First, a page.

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Alright. I've revised this, ended up accidentally turning it into something that closely resembles Aarex's Graham Generator, and cut it off before I got too weird with dots. I believe, based on what I've observed with other functions, that the basic White-Hex Level has a maximum growth rate of ω+3 in the fast-growing hierarchy, but the black hexagon might take it up to ω2.

White-Hex Level:

1. ab = a↑↑↑↑b

2. anb = aan-1bb

3/3b. a•(n)•b = a•(n-1)a↑↑↑↑bb

5. anb = an-1((a↑↑↑↑b))•b

Explanation:

1. ab = a↑↑↑↑b, in Knuth up-arrow notation (hexation, hence the notation's defining shape)

2. If, at the end of an expression, there is a number after a single hexagon, decrement the number by one and use the new expression as the number of up-arrows. (When that number reaches 1, remove it.)

a2•b = aabb = aa↑↑↑↑bb

a3•b = aa2•bb = aaabbb = aaa↑↑↑↑bbb

(in this way 3•64•3 = Graham's number)

3. If, at the end of an expression, there are multiple hexagons but no number, remove the last hexagon and replace it with (a↑↑↑↑b).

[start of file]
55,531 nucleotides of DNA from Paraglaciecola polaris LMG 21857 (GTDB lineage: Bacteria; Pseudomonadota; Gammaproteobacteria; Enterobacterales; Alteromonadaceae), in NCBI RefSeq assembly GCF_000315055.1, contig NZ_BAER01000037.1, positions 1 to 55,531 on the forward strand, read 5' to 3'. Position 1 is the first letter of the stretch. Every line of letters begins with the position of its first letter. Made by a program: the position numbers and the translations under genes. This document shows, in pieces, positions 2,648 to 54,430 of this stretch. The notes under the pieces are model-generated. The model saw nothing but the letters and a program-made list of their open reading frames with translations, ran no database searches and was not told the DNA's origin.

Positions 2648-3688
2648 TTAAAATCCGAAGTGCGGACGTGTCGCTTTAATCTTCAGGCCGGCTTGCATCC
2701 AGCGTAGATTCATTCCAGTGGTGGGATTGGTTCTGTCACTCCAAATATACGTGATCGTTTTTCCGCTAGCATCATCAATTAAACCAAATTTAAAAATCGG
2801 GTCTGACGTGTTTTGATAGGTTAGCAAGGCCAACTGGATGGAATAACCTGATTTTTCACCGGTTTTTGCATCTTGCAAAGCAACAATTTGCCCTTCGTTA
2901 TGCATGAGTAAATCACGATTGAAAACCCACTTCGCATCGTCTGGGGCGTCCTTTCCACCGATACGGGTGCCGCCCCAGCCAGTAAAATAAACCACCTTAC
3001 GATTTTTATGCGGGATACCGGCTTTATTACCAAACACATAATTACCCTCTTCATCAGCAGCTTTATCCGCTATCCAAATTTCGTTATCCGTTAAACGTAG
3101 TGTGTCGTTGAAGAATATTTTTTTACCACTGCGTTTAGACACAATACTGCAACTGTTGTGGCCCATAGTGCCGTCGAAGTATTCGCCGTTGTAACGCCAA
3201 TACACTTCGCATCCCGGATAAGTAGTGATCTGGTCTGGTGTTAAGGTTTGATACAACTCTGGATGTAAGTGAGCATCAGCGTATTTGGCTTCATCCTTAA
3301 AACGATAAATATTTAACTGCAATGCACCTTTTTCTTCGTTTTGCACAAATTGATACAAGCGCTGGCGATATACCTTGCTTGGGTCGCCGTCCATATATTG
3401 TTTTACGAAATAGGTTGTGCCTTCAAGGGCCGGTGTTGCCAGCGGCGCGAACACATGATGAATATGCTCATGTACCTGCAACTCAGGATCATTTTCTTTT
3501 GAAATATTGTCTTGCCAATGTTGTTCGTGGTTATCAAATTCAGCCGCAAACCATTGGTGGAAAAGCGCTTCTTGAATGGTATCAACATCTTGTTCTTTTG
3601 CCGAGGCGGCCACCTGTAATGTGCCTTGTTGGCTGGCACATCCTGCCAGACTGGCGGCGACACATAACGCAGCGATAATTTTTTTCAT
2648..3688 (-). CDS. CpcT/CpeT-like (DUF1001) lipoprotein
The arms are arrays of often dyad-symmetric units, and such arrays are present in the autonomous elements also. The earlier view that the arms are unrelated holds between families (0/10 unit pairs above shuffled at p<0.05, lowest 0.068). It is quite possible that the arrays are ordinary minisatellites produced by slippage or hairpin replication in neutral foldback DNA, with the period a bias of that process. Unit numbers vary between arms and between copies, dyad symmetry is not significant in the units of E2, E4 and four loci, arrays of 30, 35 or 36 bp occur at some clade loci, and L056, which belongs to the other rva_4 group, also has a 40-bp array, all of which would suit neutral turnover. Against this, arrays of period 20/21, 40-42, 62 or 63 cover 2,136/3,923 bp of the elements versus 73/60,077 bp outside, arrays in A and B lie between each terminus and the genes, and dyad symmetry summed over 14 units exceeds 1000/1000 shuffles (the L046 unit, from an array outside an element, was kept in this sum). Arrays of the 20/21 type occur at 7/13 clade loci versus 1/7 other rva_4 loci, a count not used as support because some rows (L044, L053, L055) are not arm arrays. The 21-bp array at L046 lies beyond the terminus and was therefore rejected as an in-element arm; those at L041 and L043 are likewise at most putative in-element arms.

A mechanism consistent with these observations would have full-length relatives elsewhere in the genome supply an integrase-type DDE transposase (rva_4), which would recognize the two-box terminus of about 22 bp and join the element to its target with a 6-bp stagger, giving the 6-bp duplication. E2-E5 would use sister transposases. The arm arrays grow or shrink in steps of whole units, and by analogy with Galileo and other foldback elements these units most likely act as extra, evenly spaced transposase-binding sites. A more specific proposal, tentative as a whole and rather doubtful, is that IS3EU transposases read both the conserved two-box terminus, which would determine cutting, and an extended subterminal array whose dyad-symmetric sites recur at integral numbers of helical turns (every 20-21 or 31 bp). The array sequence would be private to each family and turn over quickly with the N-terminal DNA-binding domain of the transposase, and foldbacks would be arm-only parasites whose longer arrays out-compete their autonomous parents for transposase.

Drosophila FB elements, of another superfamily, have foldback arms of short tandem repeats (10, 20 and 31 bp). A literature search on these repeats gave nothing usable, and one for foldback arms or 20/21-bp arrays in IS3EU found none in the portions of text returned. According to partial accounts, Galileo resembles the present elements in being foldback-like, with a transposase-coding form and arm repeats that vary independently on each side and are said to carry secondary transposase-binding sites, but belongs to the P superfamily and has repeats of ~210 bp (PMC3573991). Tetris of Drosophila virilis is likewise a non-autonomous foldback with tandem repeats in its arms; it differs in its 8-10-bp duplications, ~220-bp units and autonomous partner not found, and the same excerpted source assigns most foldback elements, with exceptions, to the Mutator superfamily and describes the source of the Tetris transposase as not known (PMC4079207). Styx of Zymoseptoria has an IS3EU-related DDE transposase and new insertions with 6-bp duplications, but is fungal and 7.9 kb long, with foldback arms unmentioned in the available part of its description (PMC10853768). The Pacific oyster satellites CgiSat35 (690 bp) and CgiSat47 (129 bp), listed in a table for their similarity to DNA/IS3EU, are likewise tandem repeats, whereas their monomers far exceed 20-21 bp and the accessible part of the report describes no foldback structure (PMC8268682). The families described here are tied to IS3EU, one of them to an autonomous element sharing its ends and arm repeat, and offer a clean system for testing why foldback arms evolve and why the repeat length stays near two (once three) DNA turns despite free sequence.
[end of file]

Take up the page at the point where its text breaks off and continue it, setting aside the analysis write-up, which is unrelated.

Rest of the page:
4. A string of n hexagons can be written (n) – parentheses mandatory, to avoid confusion. In this way you can replace rule 3 with:

3b. If, at the end of an expression, there is a number before a single hexagon, both of which are enclosed in a set of parentheses, decrement the number by one and place a↑↑↑↑b after the parentheses but before the second dot. (When the parenthesized number reaches 1, remove it.)

5. If there is a hexagon with a numerical subscript, decrement the subscript's number by one and place a↑↑↑↑b hexagons directly after the subscripted hexagon but before the second dot. (When the subscripted number reaches 1, remove it.)

So I've just set up a series:

Stage 1. the number after a hexagon determines the height of the "up-arrow tower"

Stage 2. each hexagon (n) stacks the "up-arrow tower" a↑↑↑↑b times (iterating on its height)

Stage 3. determines the number of iterations of stacking

Stage a↑↑↑↑b...?

This is where the black hexagon comes in. I'll need to rewrite the old notation so everything makes a bit more sense:

anb = a•[n]•b

a•(n)•b = a•[2n]•b

an•b = a•[3n]•b

a•b = a•[a↑↑↑↑bn]•b

I'll need to work on explaining the rules though. Consider this part a work in progress.